It was fantastic. Armand Inezian is a great reader of my work – I feel like he gets what I am trying to do. He had only a few suggestions, but, without exception, he found the exact places in the text that I’d never been completely satisfied with. And, more than that, he gently suggested ideas towards fixing the issues without directly making changes. I very much appreciated his approach and his editorial skills.

What reflections do you have on the places that you write about?

The Edge of Maybe is based in Oakland, California, the city I live in. As in most of my fiction, location plays a huge role in the novel. I think of the locations as having as much to do with the story as the characters. All of the places in the novel – whether in Oakland, Berkeley, Harbin Hot Springs, Disneyland, Highway 80, or Elko, Nevada — really exist. When I began writing the book, I had just come off of five years of writing short stories all based in a mythical Northern California city called San Andreas. This time, I wanted to write a book where the places were real, where I could figure out how long it took to drive from one place to another simply by getting in the car and clocking it.

I’ve been everywhere in the novel; some places many times. I placed Amber and Sandi’s home in Elko, Nevada because it was exactly 500 miles from Oakland, and I thought that was a cool distance. Then, I had to go there. So I took a four day field trip, driving the drive that Adam takes, taking notes, talking to buckaroos, eating dinner in The Star and staying at the same casino hotel the characters stay in. I had a great time, and learned a huge amount about my characters on that trip.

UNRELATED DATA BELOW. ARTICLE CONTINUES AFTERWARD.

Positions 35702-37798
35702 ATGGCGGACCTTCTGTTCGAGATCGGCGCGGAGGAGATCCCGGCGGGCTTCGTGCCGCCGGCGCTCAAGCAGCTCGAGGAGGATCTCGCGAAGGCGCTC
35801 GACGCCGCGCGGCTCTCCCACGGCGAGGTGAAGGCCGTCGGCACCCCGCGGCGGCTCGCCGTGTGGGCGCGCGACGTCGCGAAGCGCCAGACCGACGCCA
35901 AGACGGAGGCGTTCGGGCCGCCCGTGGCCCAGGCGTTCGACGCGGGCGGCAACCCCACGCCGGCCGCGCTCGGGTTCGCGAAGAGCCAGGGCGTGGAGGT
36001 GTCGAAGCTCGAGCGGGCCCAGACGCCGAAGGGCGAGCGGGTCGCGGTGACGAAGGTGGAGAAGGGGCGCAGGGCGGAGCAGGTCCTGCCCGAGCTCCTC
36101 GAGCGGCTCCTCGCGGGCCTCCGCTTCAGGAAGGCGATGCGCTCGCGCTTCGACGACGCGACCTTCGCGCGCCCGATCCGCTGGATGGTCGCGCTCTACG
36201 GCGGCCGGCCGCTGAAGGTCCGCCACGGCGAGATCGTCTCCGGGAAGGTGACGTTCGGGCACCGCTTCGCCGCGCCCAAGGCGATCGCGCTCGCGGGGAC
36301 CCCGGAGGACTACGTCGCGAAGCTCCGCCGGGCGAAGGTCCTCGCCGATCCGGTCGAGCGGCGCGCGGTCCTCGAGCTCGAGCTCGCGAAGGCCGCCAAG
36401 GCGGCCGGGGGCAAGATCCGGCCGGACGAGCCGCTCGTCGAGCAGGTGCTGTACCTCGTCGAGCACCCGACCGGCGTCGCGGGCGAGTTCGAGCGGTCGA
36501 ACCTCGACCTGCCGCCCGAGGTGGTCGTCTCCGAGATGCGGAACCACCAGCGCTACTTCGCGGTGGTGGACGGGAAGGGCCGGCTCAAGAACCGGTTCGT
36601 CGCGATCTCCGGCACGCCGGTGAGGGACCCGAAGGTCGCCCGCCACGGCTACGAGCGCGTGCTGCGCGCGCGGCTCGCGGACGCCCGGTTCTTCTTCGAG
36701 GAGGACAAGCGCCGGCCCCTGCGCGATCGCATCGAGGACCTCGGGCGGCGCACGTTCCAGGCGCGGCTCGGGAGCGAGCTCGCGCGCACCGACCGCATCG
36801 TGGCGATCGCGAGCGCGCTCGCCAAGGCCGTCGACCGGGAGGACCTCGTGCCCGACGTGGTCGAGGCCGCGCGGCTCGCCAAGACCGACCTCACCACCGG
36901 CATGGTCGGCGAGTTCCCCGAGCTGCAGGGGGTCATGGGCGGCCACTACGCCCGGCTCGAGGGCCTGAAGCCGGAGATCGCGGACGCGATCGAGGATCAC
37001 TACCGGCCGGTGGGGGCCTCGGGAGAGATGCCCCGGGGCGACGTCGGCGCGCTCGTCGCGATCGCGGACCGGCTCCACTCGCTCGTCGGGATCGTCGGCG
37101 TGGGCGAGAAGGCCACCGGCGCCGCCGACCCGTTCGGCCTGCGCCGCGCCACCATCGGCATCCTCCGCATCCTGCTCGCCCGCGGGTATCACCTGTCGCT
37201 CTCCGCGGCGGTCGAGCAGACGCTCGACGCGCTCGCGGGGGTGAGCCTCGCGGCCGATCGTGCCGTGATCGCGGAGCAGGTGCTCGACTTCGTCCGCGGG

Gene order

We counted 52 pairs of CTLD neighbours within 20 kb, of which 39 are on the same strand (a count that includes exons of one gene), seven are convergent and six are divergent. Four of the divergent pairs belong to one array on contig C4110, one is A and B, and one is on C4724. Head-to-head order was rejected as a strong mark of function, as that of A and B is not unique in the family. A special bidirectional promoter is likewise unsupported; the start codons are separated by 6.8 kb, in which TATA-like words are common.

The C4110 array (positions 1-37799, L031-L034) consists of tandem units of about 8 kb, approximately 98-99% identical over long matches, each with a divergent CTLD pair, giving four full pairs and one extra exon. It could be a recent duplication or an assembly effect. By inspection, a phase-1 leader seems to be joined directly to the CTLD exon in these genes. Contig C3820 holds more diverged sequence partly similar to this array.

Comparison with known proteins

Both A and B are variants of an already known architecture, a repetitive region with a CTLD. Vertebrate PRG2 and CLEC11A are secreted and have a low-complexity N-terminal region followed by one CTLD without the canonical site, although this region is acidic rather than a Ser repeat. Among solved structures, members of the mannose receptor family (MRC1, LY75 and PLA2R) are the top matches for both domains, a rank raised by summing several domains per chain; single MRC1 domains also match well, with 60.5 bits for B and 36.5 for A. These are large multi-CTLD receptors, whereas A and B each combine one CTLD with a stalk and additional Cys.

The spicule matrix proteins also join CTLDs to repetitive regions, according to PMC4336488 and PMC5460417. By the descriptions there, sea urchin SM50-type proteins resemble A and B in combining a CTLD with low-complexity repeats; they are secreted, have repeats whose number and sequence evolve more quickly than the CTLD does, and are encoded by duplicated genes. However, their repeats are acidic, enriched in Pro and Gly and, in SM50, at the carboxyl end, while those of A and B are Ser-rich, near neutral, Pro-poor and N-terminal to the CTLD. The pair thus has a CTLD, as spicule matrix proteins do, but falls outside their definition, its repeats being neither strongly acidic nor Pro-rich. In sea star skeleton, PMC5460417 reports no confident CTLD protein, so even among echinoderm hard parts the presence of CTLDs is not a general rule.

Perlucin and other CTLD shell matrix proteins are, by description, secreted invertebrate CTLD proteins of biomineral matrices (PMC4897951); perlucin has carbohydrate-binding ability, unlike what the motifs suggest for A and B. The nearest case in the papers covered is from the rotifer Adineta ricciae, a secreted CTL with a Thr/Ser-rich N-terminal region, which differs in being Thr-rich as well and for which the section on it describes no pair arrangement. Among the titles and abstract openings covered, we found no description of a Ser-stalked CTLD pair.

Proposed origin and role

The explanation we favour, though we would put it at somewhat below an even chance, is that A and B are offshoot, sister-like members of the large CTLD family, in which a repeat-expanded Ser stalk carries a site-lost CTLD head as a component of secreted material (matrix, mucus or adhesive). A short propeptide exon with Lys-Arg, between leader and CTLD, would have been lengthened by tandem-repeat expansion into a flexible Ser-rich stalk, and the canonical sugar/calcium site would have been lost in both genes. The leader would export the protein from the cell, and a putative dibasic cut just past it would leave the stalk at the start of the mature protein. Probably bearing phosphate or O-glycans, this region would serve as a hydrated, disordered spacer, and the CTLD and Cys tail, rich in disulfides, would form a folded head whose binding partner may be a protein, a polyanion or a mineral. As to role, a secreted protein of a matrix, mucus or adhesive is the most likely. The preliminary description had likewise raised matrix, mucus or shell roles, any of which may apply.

The reality of the locations is something readers are really enjoying about the book. The can go – and many of them have gone – to the restaurants and stores, on the streets and highways — where the characters go and where the action takes place. It makes the experience of the book that much more real and vivid.

There’s a lot of food in the novel, from gourmet to junk. Where are you coming from with food, both personally and as a writer?

Personally, I’m a bit of a foodie (or, as friends of mine call me, a Foodhist). I love to eat and I love to cook. I prefer to eat organic and “sustainable” food – though I also appreciate good regional junk food. I’ve even arranged travel plans around meals and restaurants. So, it makes sense that food would make it into my writing. As much as sex or love or adventure or politics or family life, food is a vital part of our experience as human beings. And I love reading about food in fiction.

In writing the food scenes in The Edge of Maybe, I was also thinking about the statements we make with our food choices in this country. The Glazers, the family that the book focuses on, are pretty typical of middle-class “new age” Bay Area people – food is far more than fuel. The food they eat, don’t eat, and judge says a lot about their politics and sensibilities. Amber, who has grown up in a less privileged environment, eats a lot of fast food and junk food. The old saying is, “We are what we eat,” and much of that plays out in The Edge of Maybe.

One more on that note: what’s your favorite dish and/or type of food?

Again, I’m a “Foodhist,” so I don’t have one favorite anything. I love most anything – except raisins and zucchini – as long as it is prepared well. (And even those foods have their place.) I do love a lot of the foods I put in The Edge of Maybe, including sushi, and Acme Pain au Levain, and dried apricots with almonds and chocolate… and, of course, Adam’s mushroom risotto, which I learned to cook from a Venetian chef named Francesco many years ago.